By Catherine Wagley
By Catherine Wagley
By Wendy Gilmartin
By Jennifer Swann
By Claire de Dobay Rifelj
By L.A. Weekly critics
By Catherine Wagley
By Zachary Pincus-Roth
Art by Lou BeachWITH EACH WELL-PUBLICIZED AIRPLANE ACCIDENT, another of the mysteries of the pilot's world is laid bare to the public. ValuJet unveiled solid-oxygen generators (the dirty little secret of the drop-down mask!). Swissair 111 uncovered fuel dumping and maximum landing weights. And now JFK Jr. has exposed the Instrument Rating.
The rating is an appendix to a pilot's license that authorizes him or her to fly without visual reference to the horizon or the ground. John F. Kennedy Jr. had been studying for one before his small plane, with his wife and her sister aboard, plunged into the waters off Martha's Vineyard. Everything about the accident pointed to a sudden loss of control: the unmotivated right turn indicated by the final radar echo, the lack of a distress call, the precipitous descent that could only be achieved, in a Piper Saratoga, by banking very steeply or by rolling the airplane over onto its back. One explanation is that Kennedy lost his visual bearings; so media pundits have decided the instrument rating that he did not have would have saved him.
But the accident scenario is not so simple and obvious. As a private pilot and instrument student, Kennedy already possessed the basic instrument-flying skills that he needed to find his way to Martha's Vineyard airport in hazy conditions, or, failing that, to turn back toward the brightly lighted Connecticut coast. Nor does his inexperience necessarily explain anything; Navy pilots with the same number of hours as Kennedy are landing jets on carriers. Despite some nonsensical pronouncements to the contrary, Kennedy's was not a "high performance" airplane (except perhaps in the view of Piper salesmen) and did not require a "butterfly touch" to fly. And it was equipped to fly itself.
THE INSTRUMENT RATING IS NOT THE PANACEA the pundits would have us believe. The experience requirements are very minimal: You must have a private pilot's license, with 40 hours of instrument practice, of which 20 may be logged in front of a home computer. There's a flight test, and a written exam that many pilots dread as one of the more daunting challenges in aviation.
The fundamental reason for the instrument rating is that you can't keep an airplane upright just by "seat of the pants" feel. The balancing apparatus in the inner ear is unable to distinguish between position and motion. That ambiguity accounts for the illusions you get in Disneyland's Star Tours ride, which is, in fact, based on a type of hydraulic motion platform originally designed for pilot training. A steadily turning airplane feels just like one flying straight; the coffee remains level in your cup, the stewardess stands upright in the aisle, even when the airplane is banked. The brain expects the eyes to resolve the inner ear's uncertainties, and so once a pilot is deprived of visual references he is helpless without some kind of artificial means of knowing which way is up.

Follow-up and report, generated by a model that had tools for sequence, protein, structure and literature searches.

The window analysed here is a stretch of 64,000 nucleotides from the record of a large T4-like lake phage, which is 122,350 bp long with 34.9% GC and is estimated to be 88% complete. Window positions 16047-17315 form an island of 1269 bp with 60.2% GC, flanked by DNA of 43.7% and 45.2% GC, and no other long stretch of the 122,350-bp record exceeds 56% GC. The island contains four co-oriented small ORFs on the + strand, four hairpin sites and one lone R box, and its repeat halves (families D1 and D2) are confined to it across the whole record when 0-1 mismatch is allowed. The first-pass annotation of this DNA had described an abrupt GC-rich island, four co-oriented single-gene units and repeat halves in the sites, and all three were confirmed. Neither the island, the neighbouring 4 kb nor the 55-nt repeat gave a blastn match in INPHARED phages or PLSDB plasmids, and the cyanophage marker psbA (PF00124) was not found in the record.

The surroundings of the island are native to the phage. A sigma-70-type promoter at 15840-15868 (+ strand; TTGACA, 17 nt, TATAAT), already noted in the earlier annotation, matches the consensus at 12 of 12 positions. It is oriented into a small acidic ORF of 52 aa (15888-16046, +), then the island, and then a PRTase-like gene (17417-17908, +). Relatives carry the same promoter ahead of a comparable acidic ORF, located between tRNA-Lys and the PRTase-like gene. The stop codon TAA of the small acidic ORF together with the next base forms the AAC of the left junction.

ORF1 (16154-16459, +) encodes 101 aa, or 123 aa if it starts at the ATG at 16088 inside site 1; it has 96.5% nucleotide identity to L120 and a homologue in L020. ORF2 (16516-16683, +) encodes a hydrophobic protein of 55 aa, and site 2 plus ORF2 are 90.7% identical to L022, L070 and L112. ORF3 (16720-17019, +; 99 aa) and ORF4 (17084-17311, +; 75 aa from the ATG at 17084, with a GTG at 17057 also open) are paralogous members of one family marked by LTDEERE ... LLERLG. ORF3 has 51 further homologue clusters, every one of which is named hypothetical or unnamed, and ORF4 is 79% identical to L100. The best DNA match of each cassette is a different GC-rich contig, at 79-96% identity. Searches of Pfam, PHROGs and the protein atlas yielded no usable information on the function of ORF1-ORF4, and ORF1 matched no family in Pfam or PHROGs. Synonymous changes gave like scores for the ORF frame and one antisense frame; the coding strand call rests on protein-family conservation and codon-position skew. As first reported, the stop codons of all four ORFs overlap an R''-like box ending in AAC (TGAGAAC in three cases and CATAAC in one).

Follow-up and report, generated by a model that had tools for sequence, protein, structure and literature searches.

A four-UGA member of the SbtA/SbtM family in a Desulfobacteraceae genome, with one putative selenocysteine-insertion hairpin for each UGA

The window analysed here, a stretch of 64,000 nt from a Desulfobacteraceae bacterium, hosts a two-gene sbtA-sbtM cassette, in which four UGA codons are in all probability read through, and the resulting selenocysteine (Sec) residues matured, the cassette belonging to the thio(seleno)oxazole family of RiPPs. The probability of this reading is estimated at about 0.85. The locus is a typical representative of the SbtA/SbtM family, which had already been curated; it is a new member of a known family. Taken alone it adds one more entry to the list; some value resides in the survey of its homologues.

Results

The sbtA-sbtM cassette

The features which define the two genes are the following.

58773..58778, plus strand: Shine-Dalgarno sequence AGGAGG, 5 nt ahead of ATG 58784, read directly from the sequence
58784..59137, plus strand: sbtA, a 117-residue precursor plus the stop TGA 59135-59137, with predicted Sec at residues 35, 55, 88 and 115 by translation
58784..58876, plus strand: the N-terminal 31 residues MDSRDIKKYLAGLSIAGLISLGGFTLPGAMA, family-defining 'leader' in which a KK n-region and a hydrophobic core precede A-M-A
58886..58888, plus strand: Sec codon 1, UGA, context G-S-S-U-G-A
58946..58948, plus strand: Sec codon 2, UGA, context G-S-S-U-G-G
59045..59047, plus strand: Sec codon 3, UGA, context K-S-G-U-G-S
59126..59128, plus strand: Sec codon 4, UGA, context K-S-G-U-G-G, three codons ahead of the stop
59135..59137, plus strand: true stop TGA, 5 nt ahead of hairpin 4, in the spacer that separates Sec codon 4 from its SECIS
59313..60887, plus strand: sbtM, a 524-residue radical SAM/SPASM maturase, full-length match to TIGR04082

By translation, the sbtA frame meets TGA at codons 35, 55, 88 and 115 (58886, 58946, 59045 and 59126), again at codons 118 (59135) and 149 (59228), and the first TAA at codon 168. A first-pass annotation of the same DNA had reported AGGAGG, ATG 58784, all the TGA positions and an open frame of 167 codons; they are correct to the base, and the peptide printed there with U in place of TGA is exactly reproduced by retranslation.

That information comes from instruments containing gyroscopes, which hold their orientation in space as the airplane revolves around them. Airplanes use two basic kinds of gyros: the attitude indicator, or "artificial horizon," which presents a simplified picture of the airplane and the horizon ("attitude" is a pilot's term for the airplane's position -- nose high or low, banked, and so on); and the directional gyro, which tells which way the airplane is headed. There is also a backup attitude gyro called a turn-and-slip indicator. Gyros can be driven electrically or by an air pump on the engine; whichever power source the main attitude indicator uses, the turn-and-slip uses the other, so that a single failure won't deprive the pilot of all of his attitude information.
Flying by reference to gyro instruments isn't hard. Some beginners even find it easier than flying by reference to the outside world. It gets harder when you throw in turns and climbs and descents and navigational fixes and glideslopes and turbulence; but just keeping an airplane right side up or making gentle turns by reference to instruments is very easy.
Kennedy, like every student pilot, had already spent time flying by instruments alone. The FAA flight test that he took to get his private license includes some maneuvering while wearing a tunnellike visor that blocks your view of everything except the instrument panel. The intent of the requirement is that if a non-instrument-rated pilot accidentally flies into a cloud (or, for that matter, into a haze layer at night), he should have the ability to turn around and fly back out.
Much of the rest of instrument flying has nothing to do with staying upright, but rather with air-traffic control. Something must be done to keep blind-flying airplanes from running into one another. The current solution to the problem -- which has been in use, with various technical improvements, for more than half a century -- is to have controllers on the ground keep track of all flights, anticipate conflicts and tell pilots what to do to avoid them. When pilots work on their instrument ratings, they are mainly learning the very considerable complexities of taking off, navigating and landing within the air-traffic-control system, with visual references only at the very beginning and very end of the flight.
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